At Middlebury, No. 1 fan Butch Varno is at center of 47 years of tradition Print
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Friday, 09 November 2007 14:18
NCAAF Headline News

 MIDDLEBURY, Vt. (AP) -An hour before kickoff, Butch Varno was ready.
He had his Middlebury College sweat pants on and his Middlebury basketball cap nearby. Sitting in his wheelchair, facing the kitchen door, he waited. Just before 12:30 p.m., the door swung open and two young giants ducked in.
Time to pick up Butch.
``Hello, guys!'' he said, beaming at 6-foot-5-inch Middlebury basketball player Kevin Kelleher Jr. and 6-9 teammate Andrew Locke. ``Hi guys!''
``How ya' doin'?'' asked Kelleher, leaning down to hug him. ``Are you doing good?''
``It's been a long week,'' Varno replied.
``Yeah, well, we're going to the football game. We're going to have some fun,'' Kelleher said.
Moments later, he pushed Varno's wheelchair out the door and down a porch ramp, headed for Alumni Stadium and another chapter in the story of the exclusive college and its No. 1 fan.
What started one snowy afternoon in 1960, when student Roger Ralph spotted Varno's grandmother struggling to wheel a 13-year-old with cerebral palsy back from a football game and gave both of them a ride home, remains one of college sports' most endearing, enduring rituals.
In football season, Middlebury basketball players deliver Varno to the stadium and sit with him through the game. In basketball season, football players do the honors, placing him courtside, at the end of the Panthers' bench. It doesn't end there: Students - they call themselves ``Butch's Team'' - tutor him, take him to the college library, run errands with him, pal around with him.
Last spring, when a flood inundated the small apartment Varno shared with his mother, Middlebury officials stepped in. They spent $200,000 renovating a college-owned house into a new residence that the Varnos moved into last month. The school has mounted a fundraising campaign aimed at underwriting the full cost of the renovations and endowing a ``community response fund'' aimed at financing the Varnos' future needs.
``By the grace of God, every single year for 40-plus years, one year at a time, they show up for Butch,'' said Terry Colvin, 65, a class of `64 graduate who was among the early picker-uppers.
``It's college-endorsed, but it's people living out their values and doing the right thing. So you're a yuppie from Scarsdale, up in Vermont at this pristine place, learning about high ideals and philosophies, and you're connected with a kid with cerebral palsy who's in a real town and is a real person.''
Indeed, Varno was a kid when it all started. Now he's 60, his condition worsening with age - his rigid hands are now locked into claw-like hooks. He confesses to battling depression, especially when college isn't in session. In summer, he spends his days watching C-SPAN or Boston Red Sox games on TV.
``Lots of people think it is fun to be lifted up and taken care of,'' Varno said. ``It's not. I'd rather be on that football field playing, or on the basketball court.''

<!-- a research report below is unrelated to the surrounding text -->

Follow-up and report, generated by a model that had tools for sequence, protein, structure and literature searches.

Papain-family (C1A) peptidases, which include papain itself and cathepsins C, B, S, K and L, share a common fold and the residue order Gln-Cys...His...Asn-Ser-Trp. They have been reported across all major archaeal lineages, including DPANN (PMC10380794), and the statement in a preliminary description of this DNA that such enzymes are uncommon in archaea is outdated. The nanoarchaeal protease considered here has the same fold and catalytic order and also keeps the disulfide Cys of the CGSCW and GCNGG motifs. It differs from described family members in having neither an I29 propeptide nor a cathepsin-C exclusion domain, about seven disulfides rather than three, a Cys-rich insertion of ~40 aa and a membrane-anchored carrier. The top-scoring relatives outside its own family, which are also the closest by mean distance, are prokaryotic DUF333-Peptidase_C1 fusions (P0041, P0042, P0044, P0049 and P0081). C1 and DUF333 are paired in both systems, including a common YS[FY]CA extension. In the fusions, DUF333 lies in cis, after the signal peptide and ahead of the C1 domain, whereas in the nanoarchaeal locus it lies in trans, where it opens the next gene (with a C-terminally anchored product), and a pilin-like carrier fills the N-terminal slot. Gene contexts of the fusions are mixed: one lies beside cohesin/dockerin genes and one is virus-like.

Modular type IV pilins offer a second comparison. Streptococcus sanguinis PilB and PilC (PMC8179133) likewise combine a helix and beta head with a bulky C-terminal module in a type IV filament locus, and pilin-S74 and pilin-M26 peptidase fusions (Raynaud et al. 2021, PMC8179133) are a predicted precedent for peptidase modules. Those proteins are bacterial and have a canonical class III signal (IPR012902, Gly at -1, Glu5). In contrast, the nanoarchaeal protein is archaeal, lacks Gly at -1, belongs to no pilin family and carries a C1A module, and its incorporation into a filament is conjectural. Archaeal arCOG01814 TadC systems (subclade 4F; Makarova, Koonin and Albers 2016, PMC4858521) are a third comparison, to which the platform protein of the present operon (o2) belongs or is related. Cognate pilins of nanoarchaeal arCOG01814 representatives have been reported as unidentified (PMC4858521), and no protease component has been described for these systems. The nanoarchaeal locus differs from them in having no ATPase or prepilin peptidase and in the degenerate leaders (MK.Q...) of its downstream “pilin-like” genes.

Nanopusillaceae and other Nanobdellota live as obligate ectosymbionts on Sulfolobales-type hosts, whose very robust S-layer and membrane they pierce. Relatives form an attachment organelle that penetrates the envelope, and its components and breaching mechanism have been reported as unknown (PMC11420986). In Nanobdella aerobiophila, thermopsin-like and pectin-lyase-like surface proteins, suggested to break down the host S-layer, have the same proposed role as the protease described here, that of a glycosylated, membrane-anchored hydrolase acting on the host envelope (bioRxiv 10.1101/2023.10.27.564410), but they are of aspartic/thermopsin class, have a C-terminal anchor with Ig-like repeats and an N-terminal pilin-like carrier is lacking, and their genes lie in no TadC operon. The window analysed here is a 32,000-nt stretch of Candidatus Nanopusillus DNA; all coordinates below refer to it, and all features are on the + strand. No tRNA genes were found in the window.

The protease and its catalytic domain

But hope springs eternal when the students return, and with them, the sports routines and visits to the apartment at 110 South Main Street, just down the street from campus.
Varno is no fair-weather fan. He has attended thousands of games, many of them lopsided losses. After all, the college - which doesn't give athletic scholarships and costs about $44,000 a year to attend - has never been mistaken for an NCAA powerhouse in football or basketball.
He keeps a notebook packed with statistics, pores over preseason rosters to guess who'll start and makes it clear when he doesn't like a substitution - or a call. He's been known to get so riled up he falls out of his wheelchair at games, and he blames himself if the basketball team plays badly.
``When we lose, that's OK. I'm depressed for five minutes. I go into the coaches' office and I scream and yell at myself because I didn't do the job,'' Varno said.
At football games, he sits in the stands, flanked by his escorts for the day.
Last week, during Middlebury's 28-0 victory over Hamilton, Kelleher and Locke stood by his wheelchair from kickoff to the final play, tending to his needs - pulling his leather jacket on, standing him up for the national anthem and holding him by his elbows until it was over, stretching him, feeding him hot chocolate through a straw - as well-wishers young and old stopped to say hello.
Around Middlebury, he's something of a celebrity.
``I think Butch, in a way, brings together the sports teams here, and the school itself,'' Locke said. ``He's been around so long, everyone knows him.''
Kelleher is a second-generation member of Varno's band of brothers. His father, Kevin Kelleher Sr., 49, class of `80, used to have pushing duty. That was when Varno lived farther from campus and the game-day routine involved lifting Varno and the chair separately, putting them into a vehicle and delivering both to the game.
It's easier now, but no less meaningful.
``The kids benefit because it's a form of community service they're all doing,'' former athletic director Russ Reilly said. ``They're probably not even aware they're doing it. They're getting to work with someone who's less fortunate. Many of our students come from fairly affluent backgrounds. This type of opportunity is a valuable life lesson.''
 

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